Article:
Clinical question: What is the relationship between variation in resource utilization and outcomes in children with community-acquired pneumonia (CAP)?
Background: Variation in clinical care, particularly when driven by provider preferences, often highlights opportunities for improvement in the quality of our care. CAP is one of the most common reasons for hospitalization in children. The relationship between variation in care processes, utilization, and outcomes in pediatric CAP is not well defined.
Study design: Retrospective database review.
Setting: Twenty-nine freestanding children’s hospitals.
Synopsis: The Pediatric Health Information System (PHIS) database was used to review utilization and outcomes data on 43,819 children admitted with nonsevere CAP during a five-year period. Substantial degrees of variation in test ordering, empiric antibiotic selection, length of stay (LOS), and 14-day readmissions were found. An association was noted between increased resource utilization—specifically, ordering of diagnostic tests—and longer LOS.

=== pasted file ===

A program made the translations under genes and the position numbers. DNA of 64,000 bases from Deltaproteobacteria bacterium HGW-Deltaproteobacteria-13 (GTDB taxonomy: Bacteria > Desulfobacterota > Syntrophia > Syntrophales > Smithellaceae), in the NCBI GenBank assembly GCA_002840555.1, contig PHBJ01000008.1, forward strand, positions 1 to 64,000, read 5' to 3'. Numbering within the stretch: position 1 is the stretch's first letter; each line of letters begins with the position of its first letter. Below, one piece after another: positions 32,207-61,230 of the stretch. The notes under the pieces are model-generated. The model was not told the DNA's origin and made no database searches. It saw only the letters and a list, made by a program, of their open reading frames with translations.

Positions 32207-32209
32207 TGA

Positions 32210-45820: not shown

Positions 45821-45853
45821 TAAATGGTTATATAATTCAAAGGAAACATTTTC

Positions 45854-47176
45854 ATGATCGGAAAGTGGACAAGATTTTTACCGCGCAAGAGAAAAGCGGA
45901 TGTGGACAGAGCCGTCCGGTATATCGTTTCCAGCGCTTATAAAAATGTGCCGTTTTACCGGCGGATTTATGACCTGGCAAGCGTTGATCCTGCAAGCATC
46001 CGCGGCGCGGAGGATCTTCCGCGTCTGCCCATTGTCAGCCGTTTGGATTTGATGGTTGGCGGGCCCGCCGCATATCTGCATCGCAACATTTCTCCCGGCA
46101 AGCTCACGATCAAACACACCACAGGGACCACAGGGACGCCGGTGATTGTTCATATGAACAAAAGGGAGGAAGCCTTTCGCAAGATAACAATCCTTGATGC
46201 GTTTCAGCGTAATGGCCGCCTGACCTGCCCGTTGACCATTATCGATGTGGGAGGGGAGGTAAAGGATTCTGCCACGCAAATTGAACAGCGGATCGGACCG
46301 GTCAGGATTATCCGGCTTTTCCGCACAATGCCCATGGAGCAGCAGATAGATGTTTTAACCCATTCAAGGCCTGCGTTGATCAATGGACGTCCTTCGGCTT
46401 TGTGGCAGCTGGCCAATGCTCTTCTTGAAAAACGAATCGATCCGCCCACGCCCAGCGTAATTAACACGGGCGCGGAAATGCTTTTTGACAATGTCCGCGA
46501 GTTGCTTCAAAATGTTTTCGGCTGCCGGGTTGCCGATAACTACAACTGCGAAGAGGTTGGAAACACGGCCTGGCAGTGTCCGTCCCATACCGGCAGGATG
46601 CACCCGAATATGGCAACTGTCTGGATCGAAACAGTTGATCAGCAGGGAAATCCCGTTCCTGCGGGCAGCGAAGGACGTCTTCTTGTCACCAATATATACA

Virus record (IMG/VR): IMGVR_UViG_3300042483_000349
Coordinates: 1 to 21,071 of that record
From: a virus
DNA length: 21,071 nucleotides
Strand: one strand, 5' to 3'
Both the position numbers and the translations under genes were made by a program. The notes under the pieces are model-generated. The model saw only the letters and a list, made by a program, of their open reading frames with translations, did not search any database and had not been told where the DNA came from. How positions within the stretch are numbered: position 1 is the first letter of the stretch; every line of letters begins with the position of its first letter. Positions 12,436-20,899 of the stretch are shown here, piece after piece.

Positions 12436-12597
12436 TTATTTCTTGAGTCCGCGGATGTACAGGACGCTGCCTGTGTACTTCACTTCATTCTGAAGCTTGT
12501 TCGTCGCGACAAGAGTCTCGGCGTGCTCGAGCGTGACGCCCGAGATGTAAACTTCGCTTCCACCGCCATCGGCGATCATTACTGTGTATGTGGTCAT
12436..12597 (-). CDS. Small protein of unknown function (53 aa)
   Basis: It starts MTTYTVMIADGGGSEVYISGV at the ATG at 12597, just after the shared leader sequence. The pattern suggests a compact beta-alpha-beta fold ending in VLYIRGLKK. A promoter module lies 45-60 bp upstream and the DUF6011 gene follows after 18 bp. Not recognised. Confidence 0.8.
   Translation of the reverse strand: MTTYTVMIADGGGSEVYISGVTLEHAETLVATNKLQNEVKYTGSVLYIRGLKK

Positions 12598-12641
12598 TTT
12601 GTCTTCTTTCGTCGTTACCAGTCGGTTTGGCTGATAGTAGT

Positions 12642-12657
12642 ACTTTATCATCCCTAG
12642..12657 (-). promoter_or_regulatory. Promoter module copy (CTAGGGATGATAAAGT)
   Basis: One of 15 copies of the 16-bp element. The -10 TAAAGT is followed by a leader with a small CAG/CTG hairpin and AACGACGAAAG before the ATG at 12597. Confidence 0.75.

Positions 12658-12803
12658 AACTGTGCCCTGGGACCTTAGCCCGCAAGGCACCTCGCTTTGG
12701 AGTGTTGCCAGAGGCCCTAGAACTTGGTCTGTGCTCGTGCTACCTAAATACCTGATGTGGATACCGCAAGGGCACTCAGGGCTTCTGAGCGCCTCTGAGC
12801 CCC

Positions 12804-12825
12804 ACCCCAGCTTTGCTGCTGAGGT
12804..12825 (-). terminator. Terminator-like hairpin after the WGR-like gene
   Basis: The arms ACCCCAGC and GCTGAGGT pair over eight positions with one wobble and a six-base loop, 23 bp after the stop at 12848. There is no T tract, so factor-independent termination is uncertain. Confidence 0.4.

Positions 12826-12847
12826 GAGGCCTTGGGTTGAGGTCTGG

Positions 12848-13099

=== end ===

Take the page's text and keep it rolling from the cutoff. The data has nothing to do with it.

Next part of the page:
The association between increased resource utilization and LOS has been suggested in other work in respiratory illness in children. Although the retrospective nature of this work precludes detailed resolution of whether confounding by severity was an issue, this appears unlikely based on the relatively homogeneous patient populations and hospital types. Additional limitations of this work exist, and include an inability to further assess the appropriateness of the testing that was ordered—as well as relatively crude rankings of hospitals based on resource utilization. Nevertheless, in an era where a premium is placed on finding value in clinical medicine, these results should prompt further exploration of the link between testing and LOS in children hospitalized with CAP.
Bottom line: Unnecessary testing in children hospitalized with pneumonia may lead to longer LOS.
Citation: Brogan TV, Hall M, Williams DJ, et al. Variability in processes of care and outcomes among children hospitalized with community-acquired pneumonia. Ped Infect Dis J. 2012;31:1036-1041.
Reviewed by Pediatric Editor Mark Shen, MD, SFHM, medical director of hospital medicine at Dell Children’s Medical Center, Austin, Texas.